If you suspect you’re experiencing pneumonia symptoms, you need to focus on rest and recovery. Unfortunately, traveling to a local urgent care facility or emergency room is not the way to do that. Driving across town can be a real hassle, and once you arrive, it may take hours to receive help.
DispatchHealth will travel directly to you in order to provide comprehensive pneumonia care for non-life-threatening cases. DispatchHealth offers on-demand healthcare for people of all ages in the comfort of their home. With each call, a qualified medical team delivers roughly 70 percent of the tools and technologies found in an emergency room, allowing the providers to perform a variety of advanced tests and treatments. For medically homebound patients, DispatchHealth coordinates with third party imaging services to come to a patient’s home to provide x-ray services. Plus, our skilled medical professionals have extensive experience with COPD patients in emergency care situations .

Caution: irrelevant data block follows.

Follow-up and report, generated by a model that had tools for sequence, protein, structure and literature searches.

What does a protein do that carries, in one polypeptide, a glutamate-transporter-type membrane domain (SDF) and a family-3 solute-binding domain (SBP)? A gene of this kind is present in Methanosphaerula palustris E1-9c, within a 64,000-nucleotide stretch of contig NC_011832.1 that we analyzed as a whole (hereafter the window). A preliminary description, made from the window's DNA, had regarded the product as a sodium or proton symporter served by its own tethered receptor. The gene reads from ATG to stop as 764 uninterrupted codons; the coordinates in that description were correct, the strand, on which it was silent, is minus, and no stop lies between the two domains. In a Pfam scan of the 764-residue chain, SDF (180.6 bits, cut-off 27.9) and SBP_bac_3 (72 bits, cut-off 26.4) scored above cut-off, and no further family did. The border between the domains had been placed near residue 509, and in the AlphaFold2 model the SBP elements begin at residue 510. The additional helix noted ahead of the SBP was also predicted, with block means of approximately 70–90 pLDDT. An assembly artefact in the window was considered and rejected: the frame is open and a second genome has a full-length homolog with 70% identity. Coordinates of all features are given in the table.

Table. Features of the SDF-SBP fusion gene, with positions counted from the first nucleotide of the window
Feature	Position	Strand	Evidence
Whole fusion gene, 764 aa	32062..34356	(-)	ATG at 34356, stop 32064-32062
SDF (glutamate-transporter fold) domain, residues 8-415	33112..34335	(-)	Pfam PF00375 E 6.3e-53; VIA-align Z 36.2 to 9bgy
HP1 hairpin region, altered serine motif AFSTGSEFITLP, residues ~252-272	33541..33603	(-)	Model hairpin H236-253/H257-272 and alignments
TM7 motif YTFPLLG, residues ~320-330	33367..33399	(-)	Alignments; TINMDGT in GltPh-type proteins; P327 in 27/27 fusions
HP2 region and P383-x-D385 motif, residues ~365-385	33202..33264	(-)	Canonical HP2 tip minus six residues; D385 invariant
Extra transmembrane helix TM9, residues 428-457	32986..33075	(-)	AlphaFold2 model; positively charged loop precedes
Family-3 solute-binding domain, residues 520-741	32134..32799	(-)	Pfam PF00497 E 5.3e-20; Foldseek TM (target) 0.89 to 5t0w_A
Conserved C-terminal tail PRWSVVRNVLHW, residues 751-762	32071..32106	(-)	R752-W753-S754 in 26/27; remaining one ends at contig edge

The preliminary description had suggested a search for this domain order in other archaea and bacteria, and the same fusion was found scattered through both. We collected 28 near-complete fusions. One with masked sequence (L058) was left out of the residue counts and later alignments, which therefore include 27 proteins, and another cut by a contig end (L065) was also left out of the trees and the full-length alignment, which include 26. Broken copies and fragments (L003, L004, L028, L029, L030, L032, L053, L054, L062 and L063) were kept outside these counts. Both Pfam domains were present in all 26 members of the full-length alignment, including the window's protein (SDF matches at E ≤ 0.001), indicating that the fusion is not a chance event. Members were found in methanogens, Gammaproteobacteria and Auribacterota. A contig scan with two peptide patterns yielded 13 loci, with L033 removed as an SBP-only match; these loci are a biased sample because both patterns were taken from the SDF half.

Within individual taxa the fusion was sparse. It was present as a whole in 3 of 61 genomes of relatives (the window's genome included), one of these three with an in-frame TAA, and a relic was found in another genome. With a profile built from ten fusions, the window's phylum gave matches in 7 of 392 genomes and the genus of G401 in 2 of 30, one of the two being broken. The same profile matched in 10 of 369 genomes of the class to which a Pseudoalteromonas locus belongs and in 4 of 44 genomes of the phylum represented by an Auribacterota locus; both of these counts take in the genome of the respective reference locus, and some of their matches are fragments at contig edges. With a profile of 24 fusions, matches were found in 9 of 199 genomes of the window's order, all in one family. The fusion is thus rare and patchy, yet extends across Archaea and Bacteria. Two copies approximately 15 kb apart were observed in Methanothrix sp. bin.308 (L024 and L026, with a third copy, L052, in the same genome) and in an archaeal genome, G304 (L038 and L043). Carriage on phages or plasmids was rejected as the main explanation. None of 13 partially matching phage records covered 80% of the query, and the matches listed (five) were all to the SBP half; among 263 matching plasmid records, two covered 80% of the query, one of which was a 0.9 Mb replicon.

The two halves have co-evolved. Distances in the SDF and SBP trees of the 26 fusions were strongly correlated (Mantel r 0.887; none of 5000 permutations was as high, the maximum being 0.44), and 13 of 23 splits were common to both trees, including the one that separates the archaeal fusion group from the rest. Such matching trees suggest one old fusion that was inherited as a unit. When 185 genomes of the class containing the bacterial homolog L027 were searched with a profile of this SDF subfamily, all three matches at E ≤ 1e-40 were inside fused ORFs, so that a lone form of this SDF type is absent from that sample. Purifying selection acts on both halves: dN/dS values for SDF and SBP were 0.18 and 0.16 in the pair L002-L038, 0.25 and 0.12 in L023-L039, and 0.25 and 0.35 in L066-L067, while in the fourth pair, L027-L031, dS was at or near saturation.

The best part? DispatchHealth partners with most health insurance companies, including Medicare and Medicaid, to make it affordable.
Get in touch with us today, and we’ll come to you to diagnose and treat your pneumonia. DispatchHealth’s house call services can conveniently be requested via phone, mobile app, or through our website and a physician assistant or nurse practitioner, along with a DispatchHealth medical technician (DHMT) will typically arrive at your home within a few hours.
DispatchHealth relies only on authoritative sources, including medical associations, research institutions, and peer-reviewed medical studies.